The Danes are very proud of their system, as they think it’s the fairest in the world, and it produces an almost exact parliamentary correlation between votes cast and seats awarded while also keeping the consituency link.

  • Malcolm Todd 12th Jun '09 - 8:06pm

    I don’t believe these numbers either. But it doesn’t matter, because AV is rubbish anyway. There are very good arguments in Lord Alexander’s ‘Note of Reservation’ to the Jenkins Report.

    The question that has to be asked is: Why do we believe there should be a change to the voting system?
    Ignoring the unworthy answer ‘Because we’ll win more seats that way’ (surely LibDems are above such partisanship?), I think the following principles are what lie behind the objection to FPTP and should guide our response to any alternative:

    1. Every vote choice should count.

    2. The strength of parties in parliament should be proportionate to their support in the country.

    3. Party machines should not be able to dictate to the electorate: voters should be able to vote for individuals, not just parties.

    The funny thing is, AV does nothing to improve on FPTP in any of these respects. Ed Maxfield’s interesting idea would meet point (3); but points (1) and (2) can only be met through either multi-seat constituencies or some sort of additional member system.

    For what it’s worth, I would favour 3-to-6-member constituencies (as for STV), with an open-list system (as I am deeply sceptical of preferential voting), and the possibility for those who wish it of voting for an individual candidate without having to endorse their party colleagues. (It sounds like this may be something like the Danish system, but I can’t find a detailed explanation of it.) As a second-best compromise, I would be happy with the Alexander version of Jenkins (i.e. a limited additional member system, but without AV), provided that parties were forced to put at least three candidates on their lists so that there is always a choice within parties.

  • Malcolm Todd 12th Jun '09 - 8:10pm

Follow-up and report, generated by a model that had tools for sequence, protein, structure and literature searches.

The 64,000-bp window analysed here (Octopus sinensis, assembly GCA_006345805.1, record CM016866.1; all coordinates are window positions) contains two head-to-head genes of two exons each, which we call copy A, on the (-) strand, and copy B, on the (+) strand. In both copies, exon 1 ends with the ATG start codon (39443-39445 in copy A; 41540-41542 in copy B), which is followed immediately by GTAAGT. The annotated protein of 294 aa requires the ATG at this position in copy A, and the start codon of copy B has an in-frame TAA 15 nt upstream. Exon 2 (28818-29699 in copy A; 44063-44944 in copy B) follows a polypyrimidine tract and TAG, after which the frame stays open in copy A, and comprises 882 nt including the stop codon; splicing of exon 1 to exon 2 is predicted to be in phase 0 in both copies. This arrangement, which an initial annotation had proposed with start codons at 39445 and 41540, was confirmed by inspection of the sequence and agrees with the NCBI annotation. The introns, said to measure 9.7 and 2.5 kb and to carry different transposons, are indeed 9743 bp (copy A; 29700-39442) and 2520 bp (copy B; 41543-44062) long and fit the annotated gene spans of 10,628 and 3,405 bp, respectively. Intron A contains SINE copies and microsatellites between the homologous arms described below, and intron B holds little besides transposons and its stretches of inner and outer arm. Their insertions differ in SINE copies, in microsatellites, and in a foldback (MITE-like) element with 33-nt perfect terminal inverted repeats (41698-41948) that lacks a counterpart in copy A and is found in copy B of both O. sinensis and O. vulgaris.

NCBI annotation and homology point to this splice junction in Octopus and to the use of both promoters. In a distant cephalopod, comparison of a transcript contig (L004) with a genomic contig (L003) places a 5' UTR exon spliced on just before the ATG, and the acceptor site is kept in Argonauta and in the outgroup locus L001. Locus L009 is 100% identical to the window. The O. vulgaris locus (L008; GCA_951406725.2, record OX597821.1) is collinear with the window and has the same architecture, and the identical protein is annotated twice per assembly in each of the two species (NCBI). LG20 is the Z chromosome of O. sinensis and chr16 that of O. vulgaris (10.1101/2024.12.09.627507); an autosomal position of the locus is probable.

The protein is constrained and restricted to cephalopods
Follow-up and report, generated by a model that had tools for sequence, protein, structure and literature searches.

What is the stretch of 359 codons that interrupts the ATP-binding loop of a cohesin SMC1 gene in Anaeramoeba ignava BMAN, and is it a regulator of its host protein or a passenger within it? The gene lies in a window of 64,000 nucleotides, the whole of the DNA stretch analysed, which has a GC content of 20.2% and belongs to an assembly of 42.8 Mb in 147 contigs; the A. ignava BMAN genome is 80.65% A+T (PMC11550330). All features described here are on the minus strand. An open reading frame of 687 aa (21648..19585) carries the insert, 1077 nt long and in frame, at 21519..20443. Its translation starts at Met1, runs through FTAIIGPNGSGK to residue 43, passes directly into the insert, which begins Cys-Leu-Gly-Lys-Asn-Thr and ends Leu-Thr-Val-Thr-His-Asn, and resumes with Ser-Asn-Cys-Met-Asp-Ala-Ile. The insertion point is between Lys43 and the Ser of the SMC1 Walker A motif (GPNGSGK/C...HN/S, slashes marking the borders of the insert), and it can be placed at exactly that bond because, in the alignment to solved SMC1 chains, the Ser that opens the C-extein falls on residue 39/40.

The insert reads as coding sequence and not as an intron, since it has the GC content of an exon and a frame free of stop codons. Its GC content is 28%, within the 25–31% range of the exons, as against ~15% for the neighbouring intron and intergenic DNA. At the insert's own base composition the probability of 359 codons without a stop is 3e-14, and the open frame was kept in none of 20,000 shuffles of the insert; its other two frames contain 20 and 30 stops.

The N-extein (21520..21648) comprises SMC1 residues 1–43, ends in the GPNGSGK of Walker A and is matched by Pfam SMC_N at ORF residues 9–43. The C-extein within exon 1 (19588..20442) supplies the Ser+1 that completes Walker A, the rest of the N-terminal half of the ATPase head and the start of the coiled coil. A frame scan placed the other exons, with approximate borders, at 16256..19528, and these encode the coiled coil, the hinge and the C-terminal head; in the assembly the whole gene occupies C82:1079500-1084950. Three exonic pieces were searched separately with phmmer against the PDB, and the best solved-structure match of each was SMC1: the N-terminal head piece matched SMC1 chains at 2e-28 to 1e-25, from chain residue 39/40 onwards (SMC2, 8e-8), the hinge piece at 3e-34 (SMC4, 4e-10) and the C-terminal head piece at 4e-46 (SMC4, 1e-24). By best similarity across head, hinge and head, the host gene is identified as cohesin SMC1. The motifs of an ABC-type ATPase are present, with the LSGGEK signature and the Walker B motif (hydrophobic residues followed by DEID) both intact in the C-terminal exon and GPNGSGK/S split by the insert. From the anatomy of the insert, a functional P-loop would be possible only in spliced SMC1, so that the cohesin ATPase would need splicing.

Obviously, the remark about not believing the numbers only makes sense in the comments on Harry Hayfield’s post. Which is where I was when I started, but not when I submitted. God knows what I ended up voting on…

  • I think to try and combine PR with directly elected constituency MPs is a bit of a fudge. Just have one House voted with pure PR and the other with first past the post. You could even do away with the Lords and have an English Parliament.

    The decision then is which way round you have the authority. Do you want the main power in the PR or the FPTP, I’d suggest the PR as it’s more representative. Policy would then be handed to the Lower House or regional Parliaments to be sold to theirconstituents. I should be able to lobby ‘my party’ in parliament instead of being forced to go through a constituency MP who may be in opposition and/or represent a party I don’t like. All these mental muddles are a waste of time and only exist because the Commons doesn’t want to lose authority and because the Lords is full of paid up party cronies. Keep it simple and get ready to have to work much harder on getting legislation through.

  • “Two candidates might get 15% of the first preferences between them in a 5 member constituency but miss out on a seat because a chunk of their second preferences disappear to other parties. So the party will try to short circuit the system but putting up only one candidate and hey presto you have one safe seat on the back of first preferences…”